Sales of The Handmaid’s Tale soared as Trump took office, taking it to the top ranks of bestseller lists for more than a year. It has now sold more than 8 million copies. Atwood’s Gilead — formerly the United States, transformed by military takeover into a land ruled by religious zealots, where infertility is rampant and women are valued only for their ability to have babies — has entered pop culture, as familiar a metaphor as Star Wars. Watch video of a protest against laws restricting reproductive rights and the camera will find women dressed in the Handmaids’ striking scarlet costume and white bonnet, a symbol instantly understood.
Atwood could rest on her laurels and royalties, but, as you might expect from someone with her brilliant, restless intellect, she has more to say. In interviews she has explained that she wrote The Testaments in part to answer some of readers’ questions about Gilead and Offred’s fate, and that in part she was inspired by “the times we’re living in.”
In an interview with the New York Times, she said, “I’m too old to be scared by much” — even the risk of writing sequels.
In a way, there’s already a sequel: the TV series. Only the first season of The Handmaid’s Tale is based directly on Atwood’s novel; Seasons 2 and 3, and the upcoming 4, continue the story far beyond the moment when Atwood left Offred stepping into a van, her future unknown.
Although she makes a few nods to the series, Atwood lightly leaps over most of it, setting The Testaments 15 years later than The Handmaid’s Tale, both within Gilead and outside it.
The Handmaid’s Tale took place in the early days of Gilead, as its puritanical, fascist government took hold. It’s told from Offred’s point of view, the view of a shocked and traumatized prisoner.
In The Testaments, Gilead is long established and has become the new normal, accreting bureaucracy and fighting pointless wars. This book has three narrators, two young women and one old one, none of them a Handmaid, each narrating her own chapters. Their stories begin very separately, but Atwood will bring them together.
We meet Agnes in her childhood in Gilead, where she is the privileged daughter of one of the Commanders. In line with the nation’s color-coding of females, she’s a schoolgirl wearing pink or plum, according to the season. School, however, does not involve reading, or writing, or arithmetic, all forbidden to women (except the Aunts). Training to become a Wife means lessons in docility and embroidering handkerchiefs. Later in the story, when map-reading becomes crucial, we discover that not only can Agnes not read a map, she has never seen one. (In Gilead, modern technology such as TV and computers exist, but their use is strictly limited to the powerful.)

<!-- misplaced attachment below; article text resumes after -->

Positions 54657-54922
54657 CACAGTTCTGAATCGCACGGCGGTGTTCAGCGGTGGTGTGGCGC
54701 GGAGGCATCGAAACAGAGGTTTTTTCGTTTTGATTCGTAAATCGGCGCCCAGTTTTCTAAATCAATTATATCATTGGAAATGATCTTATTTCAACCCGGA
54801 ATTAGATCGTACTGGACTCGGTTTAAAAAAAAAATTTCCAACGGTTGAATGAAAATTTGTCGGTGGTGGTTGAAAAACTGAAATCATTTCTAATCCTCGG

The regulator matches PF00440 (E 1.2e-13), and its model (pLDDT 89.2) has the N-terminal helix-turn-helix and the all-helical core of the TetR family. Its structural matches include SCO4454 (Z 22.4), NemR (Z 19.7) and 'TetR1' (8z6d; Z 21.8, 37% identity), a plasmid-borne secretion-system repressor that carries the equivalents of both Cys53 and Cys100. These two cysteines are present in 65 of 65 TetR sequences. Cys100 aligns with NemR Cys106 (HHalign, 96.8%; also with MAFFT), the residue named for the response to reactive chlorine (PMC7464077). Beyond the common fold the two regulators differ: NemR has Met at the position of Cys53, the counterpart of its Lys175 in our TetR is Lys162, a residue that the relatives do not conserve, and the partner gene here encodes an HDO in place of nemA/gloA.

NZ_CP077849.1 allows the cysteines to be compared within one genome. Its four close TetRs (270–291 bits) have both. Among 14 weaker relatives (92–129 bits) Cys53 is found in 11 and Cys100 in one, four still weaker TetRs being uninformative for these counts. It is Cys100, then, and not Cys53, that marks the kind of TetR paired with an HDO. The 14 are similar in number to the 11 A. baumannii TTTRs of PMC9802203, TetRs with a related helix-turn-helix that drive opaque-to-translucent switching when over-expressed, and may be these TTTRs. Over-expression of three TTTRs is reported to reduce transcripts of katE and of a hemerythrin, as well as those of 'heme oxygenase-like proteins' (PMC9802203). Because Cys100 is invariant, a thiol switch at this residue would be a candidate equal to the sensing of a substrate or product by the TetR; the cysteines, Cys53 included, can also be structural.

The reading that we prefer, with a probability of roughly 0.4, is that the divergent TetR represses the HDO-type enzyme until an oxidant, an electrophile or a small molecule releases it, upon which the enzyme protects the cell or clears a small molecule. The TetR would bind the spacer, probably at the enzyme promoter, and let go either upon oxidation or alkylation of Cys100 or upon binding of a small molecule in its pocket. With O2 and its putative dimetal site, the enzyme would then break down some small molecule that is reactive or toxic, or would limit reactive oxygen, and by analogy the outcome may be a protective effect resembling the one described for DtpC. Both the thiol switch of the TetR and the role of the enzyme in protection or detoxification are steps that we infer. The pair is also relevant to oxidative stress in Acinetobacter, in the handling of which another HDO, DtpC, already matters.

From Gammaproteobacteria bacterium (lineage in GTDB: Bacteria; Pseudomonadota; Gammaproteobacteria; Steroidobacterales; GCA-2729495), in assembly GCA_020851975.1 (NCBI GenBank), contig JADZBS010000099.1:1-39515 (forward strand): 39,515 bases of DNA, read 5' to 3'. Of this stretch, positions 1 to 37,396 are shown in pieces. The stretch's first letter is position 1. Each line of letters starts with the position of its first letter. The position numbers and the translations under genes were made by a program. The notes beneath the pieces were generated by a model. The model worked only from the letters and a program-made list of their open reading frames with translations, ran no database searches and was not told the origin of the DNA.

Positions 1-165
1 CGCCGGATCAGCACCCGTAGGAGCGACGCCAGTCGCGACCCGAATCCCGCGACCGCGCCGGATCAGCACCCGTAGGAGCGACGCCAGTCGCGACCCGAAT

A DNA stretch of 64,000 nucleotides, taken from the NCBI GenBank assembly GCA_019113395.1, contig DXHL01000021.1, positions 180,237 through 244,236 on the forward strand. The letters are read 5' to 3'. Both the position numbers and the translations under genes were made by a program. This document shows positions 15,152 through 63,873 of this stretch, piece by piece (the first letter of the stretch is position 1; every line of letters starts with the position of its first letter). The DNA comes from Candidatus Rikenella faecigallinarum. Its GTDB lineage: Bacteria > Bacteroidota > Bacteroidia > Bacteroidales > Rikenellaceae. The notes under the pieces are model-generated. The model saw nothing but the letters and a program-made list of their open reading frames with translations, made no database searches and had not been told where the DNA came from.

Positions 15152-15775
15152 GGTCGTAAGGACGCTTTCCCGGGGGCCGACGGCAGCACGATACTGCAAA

Agnes isn’t even allowed to learn to cook; that’s the realm of the Marthas, and as a Wife she won’t be dirtying her hands in the kitchen. And, like all good Gilead girls, or “precious flowers,” as they’re called, she’s taught that sex is the dirtiest thing of all, enjoyed only by those “sluts,” the Handmaids.
At first, Agnes doesn’t question Gilead’s strictures because she doesn’t know anything else exists. But her beloved mother dies young, and Agnes ends up in the hands of a very wicked stepmother who arranges to marry her off, at the Gilead-appropriate age of 13, to another Commander. Agnes balks and ends up instead as a novice Aunt, along with her timid but loyal friend Becka.
They grow up looking forward to their required years as Pearl Girls, missionaries in silver dresses who travel in pairs to preach the gospel of Gilead to heathens in such foreign lands as Canada, California and the Republic of Texas. Once they bring back a convert (expectations are not high enough to require multitudes), they’ll be full-fledged Aunts.